A Song for Arbonne

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Crown Publishers, 1992 - Fiction - 513 pages
10 Reviews
A song for Arbonne is one of those rare novels that creates an entire world of its own, one which enfolds and enthralls us so strongly that we close its pages with a pang of regret. It is the finest novel so far from Guy Gavriel Kay, who has received international acclaim for his Fionavar Tapestry trilogy and the epic Tigana. The novel draws its ambience and inspiration from the sensuous culture of medieval Provence - the land of the troubadours and the courts of love. Arbonne is a sun-blessed country of vineyards and olive trees, and the home of a passionate, goddess-centered culture. To the north is Gorhaut, a dour Kingdom of warriors led by a cruel, misogynistic lord who sees Arbonne as ripe for the taking. One man is caught between the two: Blaise, a rough-hewn northern mercenary who serves, bemusedly, in the courts of the south. When the invaders sweep down from the mountains, the men and women of Arbonne face their darkest hour: They find the power of love and poetry tested against the might of fire and sword. And Blaise discovers that the fate of courtly Arbonne may lie in his rugged hands. This is a dazzling imaginary history peopled with a vibrant array of characters, from the sardonic Blaise to the haughty queen of the Court of Love, to a beautiful minstrel girl whose life is forever changed by a chance encounter in a tavern. In the richness and complexity of its setting, A Song for Arbonne calls to mind The Name of the Rose; in its passion and romance, The Mists of Avalon and in its pace and sweep, such classic adventures as Ivanhoe or The Three Musketeers. This is storytelling at its very best, a novel to be savored and passed on with pleasure to one's fellow readers.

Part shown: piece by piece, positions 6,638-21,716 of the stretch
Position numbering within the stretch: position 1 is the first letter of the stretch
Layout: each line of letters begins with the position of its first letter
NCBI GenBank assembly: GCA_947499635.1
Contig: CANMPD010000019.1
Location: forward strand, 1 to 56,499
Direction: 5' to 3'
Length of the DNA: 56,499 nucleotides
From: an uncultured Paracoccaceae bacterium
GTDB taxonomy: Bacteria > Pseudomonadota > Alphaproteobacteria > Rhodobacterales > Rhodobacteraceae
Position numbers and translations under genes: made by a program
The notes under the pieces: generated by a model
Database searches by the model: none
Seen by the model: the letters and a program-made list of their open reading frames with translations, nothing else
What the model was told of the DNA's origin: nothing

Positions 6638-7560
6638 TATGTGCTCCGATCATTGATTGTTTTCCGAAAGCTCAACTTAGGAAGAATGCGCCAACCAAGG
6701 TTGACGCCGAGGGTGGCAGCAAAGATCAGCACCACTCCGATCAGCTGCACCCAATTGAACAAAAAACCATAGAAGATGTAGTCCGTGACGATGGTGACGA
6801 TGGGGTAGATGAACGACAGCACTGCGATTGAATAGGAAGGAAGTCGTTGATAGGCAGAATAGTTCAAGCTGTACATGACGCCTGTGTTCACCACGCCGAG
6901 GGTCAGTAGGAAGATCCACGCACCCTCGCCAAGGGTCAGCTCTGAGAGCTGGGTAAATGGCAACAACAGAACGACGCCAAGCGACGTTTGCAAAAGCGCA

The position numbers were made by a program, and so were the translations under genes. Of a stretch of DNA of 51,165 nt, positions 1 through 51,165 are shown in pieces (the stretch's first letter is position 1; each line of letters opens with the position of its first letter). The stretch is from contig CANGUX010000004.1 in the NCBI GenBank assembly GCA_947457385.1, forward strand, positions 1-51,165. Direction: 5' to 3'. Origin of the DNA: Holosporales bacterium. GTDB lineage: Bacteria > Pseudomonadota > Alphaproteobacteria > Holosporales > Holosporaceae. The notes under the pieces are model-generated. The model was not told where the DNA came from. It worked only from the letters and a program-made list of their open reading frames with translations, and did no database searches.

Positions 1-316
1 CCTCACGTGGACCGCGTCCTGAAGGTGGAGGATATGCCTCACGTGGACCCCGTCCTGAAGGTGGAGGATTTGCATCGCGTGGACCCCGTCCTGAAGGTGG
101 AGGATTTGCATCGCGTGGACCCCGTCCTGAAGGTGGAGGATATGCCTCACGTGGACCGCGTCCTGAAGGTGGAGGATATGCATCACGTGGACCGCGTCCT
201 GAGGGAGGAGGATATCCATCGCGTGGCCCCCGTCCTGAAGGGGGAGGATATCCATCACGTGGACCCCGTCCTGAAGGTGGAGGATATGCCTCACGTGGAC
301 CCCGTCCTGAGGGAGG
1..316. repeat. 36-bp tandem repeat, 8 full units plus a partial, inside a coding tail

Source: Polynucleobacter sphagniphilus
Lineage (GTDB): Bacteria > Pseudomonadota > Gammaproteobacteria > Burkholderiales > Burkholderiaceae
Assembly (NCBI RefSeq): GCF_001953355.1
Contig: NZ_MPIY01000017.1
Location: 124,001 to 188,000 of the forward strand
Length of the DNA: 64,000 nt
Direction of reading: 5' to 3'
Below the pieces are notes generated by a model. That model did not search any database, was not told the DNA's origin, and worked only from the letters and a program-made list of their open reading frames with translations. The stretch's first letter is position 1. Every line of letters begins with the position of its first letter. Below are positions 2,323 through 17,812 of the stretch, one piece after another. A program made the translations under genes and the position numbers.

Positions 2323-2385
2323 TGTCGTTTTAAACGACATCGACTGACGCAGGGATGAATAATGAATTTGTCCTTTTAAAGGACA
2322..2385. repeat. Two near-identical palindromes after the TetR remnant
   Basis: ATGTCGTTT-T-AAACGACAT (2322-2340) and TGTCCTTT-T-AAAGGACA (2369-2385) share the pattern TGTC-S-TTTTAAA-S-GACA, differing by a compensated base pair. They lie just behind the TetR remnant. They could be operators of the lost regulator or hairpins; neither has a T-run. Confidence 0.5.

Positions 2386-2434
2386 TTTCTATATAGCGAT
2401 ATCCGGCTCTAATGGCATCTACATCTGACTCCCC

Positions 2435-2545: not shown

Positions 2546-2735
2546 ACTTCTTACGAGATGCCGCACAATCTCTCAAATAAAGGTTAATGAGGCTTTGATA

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Review: A Song for Arbonne

User Review  - Jules - Goodreads

I have to admit that I stayed up for two extra hours this very morning (from 2 to 4 am) in order to finish the book. At the end it was indeed going at an enticing pace; and I crieddd, my soul be ... Read full review

Review: A Song for Arbonne

User Review  - Christin - Goodreads

I have a certain passion for troubadour era medieval Europe so when I realized that this novel was based around the period during which Chretien dedicated some of the first Arthurian tales to his ... Read full review

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Contents

Section 1
1
Section 2
19
Section 3
49
Copyright

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About the author (1992)

Guy Gavriel Kay was born on November 7, 1954 in Weyburn, Saskatchewan, Canada. He became interested in fantasy fiction while working as an assistant to Christopher Tolkien. He assisted him with the editing of J. R. R. Tolkien's The Silmarillion. After receiving a law degree from the University of Toronto, he became principal writer and associate producer for the CBC radio series, The Scales of Justice. He also wrote several episodes when the series moved to television. He has written social and political commentary for several publications including the National Post, The Globe and Mail, and The Guardian. His first fantasy novels were The Summer Tree, The Wandering Fire, and The Darkest Road, which make up the Fionavar Tapestry Trilogy. His other works include A Song for Arbonne, The Lions of Al-Rassan, Beyond This Dark House, The Last Light of the Sun, and Under Heaven. He has received numerous awards including and the Aurora Award for Tigana and The Wandering Fire, the 2008 World Fantasy Award for Best Novel for Ysabel, and the International Goliardos Award for his work in the fantasy field.

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